Write your guess in the comment box, then check back tomorrow morning (March 20th) for the answer.

AND NO CHEATING!

Artists with a Sense of Humor

If humor is one of the highest forms of intelligence, then clearly these street artists are brilliant. I hope you are as bowled over as I was by these creative minds.

Photo of street art wall with straw

Photo of street art cheerleader

Photo of street art cigarette sewer

Photo of street art face and branches

Photo of street art shoe crosswalk

 

Photo of street art wall face

Photo of street art chalk tiger

Photo of street art kids chalk walk

Photo of street art eyes wall

Photo of street art more people climbing steps

Photo of street art scissors cutting street

Photo of street art sink hole with bicylist

Photo of street art steam roller

Photo of street art face on bombed building

Photo of street art love shadow

Photo of street art afro tree face

Photo of street art blue waterfall

Photo of street art guns and pencils

Photo of street art face skyscrapers

Photo of street art pastel steps

Photo of street art titanic building

Photo of street art treehouse building

Photo of street art zipper tree

Photo of street art subway steps

Photo of street art three friends

Unfortunately, I do not have the original source to properly credit the photographers or the curator of this delightful collection of images, but here’s a big shout out to Hensley Peterson for forwarding this piece to me via email. If anybody knows the original source, please let me know.

The Art of Faux-tography

A few weeks ago I was driving my daughter to school, and in between belting out Lady Gaga and talking about our busy day ahead, Olivia and I simultaneously had the air sucked right out of our lungs.

We’d just driven down our little stretch of Mission Canyon, and as we approached the Mission and looked out over the Rose Garden to the ocean in the distance, we witnessed the most spectacular morning light dancing on billowy periwinkle clouds, it made goosebumps rise on my arms.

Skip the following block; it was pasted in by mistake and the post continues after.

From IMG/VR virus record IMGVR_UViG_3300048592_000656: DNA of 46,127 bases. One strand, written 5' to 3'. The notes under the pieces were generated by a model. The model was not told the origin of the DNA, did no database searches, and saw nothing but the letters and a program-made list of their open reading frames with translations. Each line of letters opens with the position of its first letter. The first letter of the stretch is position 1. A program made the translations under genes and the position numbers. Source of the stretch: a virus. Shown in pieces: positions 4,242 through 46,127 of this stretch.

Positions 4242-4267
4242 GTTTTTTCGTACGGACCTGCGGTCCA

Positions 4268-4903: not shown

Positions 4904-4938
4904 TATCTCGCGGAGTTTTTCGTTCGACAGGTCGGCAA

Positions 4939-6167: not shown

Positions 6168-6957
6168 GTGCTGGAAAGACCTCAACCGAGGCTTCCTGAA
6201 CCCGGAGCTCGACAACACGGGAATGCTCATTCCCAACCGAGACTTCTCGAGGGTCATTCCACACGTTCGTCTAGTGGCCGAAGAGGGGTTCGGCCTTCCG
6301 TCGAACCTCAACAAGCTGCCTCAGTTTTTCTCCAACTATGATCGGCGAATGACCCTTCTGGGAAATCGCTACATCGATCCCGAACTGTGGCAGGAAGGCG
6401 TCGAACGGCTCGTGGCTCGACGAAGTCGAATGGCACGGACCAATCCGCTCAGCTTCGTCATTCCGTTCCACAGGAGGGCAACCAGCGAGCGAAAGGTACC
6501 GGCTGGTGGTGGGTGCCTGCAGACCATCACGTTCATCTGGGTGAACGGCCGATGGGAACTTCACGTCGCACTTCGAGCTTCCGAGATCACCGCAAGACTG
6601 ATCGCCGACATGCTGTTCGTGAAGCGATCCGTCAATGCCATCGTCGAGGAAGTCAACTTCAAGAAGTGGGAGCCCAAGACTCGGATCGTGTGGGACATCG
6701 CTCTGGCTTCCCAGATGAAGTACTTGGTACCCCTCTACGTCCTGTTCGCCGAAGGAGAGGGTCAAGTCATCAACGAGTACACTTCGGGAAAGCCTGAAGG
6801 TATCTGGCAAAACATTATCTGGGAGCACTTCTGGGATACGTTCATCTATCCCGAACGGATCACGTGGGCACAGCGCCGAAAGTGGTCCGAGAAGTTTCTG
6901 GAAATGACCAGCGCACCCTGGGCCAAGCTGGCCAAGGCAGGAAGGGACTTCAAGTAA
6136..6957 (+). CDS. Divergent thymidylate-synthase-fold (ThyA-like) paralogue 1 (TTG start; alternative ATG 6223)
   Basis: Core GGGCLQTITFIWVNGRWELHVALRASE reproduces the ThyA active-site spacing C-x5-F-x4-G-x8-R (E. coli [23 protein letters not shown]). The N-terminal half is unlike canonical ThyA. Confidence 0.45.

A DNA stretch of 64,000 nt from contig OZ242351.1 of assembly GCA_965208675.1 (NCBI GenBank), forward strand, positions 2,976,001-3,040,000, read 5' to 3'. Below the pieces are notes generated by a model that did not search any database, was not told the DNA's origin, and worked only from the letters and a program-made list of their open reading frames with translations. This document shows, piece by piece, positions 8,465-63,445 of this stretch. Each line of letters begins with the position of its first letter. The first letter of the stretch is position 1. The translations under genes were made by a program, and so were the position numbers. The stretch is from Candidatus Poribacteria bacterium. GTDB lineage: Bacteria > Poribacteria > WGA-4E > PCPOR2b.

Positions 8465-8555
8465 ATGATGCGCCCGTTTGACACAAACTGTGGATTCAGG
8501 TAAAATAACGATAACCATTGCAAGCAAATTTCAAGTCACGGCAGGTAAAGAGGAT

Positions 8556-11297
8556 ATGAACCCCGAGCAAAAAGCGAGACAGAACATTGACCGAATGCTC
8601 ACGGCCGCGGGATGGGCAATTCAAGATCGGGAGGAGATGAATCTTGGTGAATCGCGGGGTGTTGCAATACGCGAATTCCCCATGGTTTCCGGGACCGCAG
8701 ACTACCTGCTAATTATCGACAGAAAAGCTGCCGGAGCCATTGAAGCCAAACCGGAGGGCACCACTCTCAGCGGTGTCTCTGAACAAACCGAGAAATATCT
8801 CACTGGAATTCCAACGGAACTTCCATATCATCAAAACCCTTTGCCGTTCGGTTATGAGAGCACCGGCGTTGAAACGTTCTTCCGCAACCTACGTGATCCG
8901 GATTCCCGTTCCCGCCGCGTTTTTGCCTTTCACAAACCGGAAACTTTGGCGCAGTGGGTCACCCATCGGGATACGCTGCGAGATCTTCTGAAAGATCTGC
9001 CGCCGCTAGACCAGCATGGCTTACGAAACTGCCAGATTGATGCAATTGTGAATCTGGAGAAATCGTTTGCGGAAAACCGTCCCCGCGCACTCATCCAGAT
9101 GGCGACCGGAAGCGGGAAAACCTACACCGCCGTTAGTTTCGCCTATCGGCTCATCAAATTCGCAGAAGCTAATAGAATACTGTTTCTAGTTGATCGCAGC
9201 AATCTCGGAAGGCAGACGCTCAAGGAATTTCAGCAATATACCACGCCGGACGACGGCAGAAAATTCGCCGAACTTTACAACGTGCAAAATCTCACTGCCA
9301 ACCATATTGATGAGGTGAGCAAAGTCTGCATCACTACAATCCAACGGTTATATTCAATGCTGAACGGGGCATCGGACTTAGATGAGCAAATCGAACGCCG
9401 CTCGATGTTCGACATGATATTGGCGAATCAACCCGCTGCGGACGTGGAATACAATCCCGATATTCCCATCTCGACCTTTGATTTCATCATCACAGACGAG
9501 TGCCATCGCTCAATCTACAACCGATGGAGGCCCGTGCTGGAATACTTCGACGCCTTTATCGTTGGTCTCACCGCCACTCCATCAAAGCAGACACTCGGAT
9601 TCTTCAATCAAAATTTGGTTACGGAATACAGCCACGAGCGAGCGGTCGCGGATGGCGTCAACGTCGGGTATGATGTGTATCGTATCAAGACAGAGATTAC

The light’s reflection in the ocean below looked like a kaleidoscope shimmering on smooth gray glass.

In Santa Barbara beauty wraps its big, warm arms around us every day, so you’d think we’d be immune to it, but my daughter and I were so stunned, the only word to emerge from our mouths was a collective, “Woooowwwwww.”

My immediate reaction was to reach for my camera phone. It was instinctual, automatic—as if there were no other way to enjoy this moment without documenting it. I fumbled for my purse, but the logistics of driving prevented me from taking a picture. Instead I was forced to enjoy the moment during the moment, rather than snapping it for posterity. As a result, I was able to share it with the beautiful person in the backseat—something we could both store deep in our memory banks instead of somewhere on my camera’s memory card.

What happened next though, is what happens all too often.

After I dropped Olivia off at school, I got in my car again—this time to head to the gym. It was one of those mornings Mother Nature was clearly in the mood to show off. This time she sent a brilliant rainbow arching right over the mission. Its ROYGBIV perfectly framed the Spanish architecture, making it look like it belonged on the set of the Wizard of Oz.

It was spectacular. So spectacular, in fact, this is what I saw: the Range Rover in front of me blocking traffic in the intersection so the driver could poke his camera phone out his sunroof to take a picture. A woman walking along the Rose Garden pushing her double-stroller, digging in her diaper bag to get her camera out, missing the moment with her children. Two cars almost colliding as they both illegally pulled over into the bike lane so each driver could take a picture.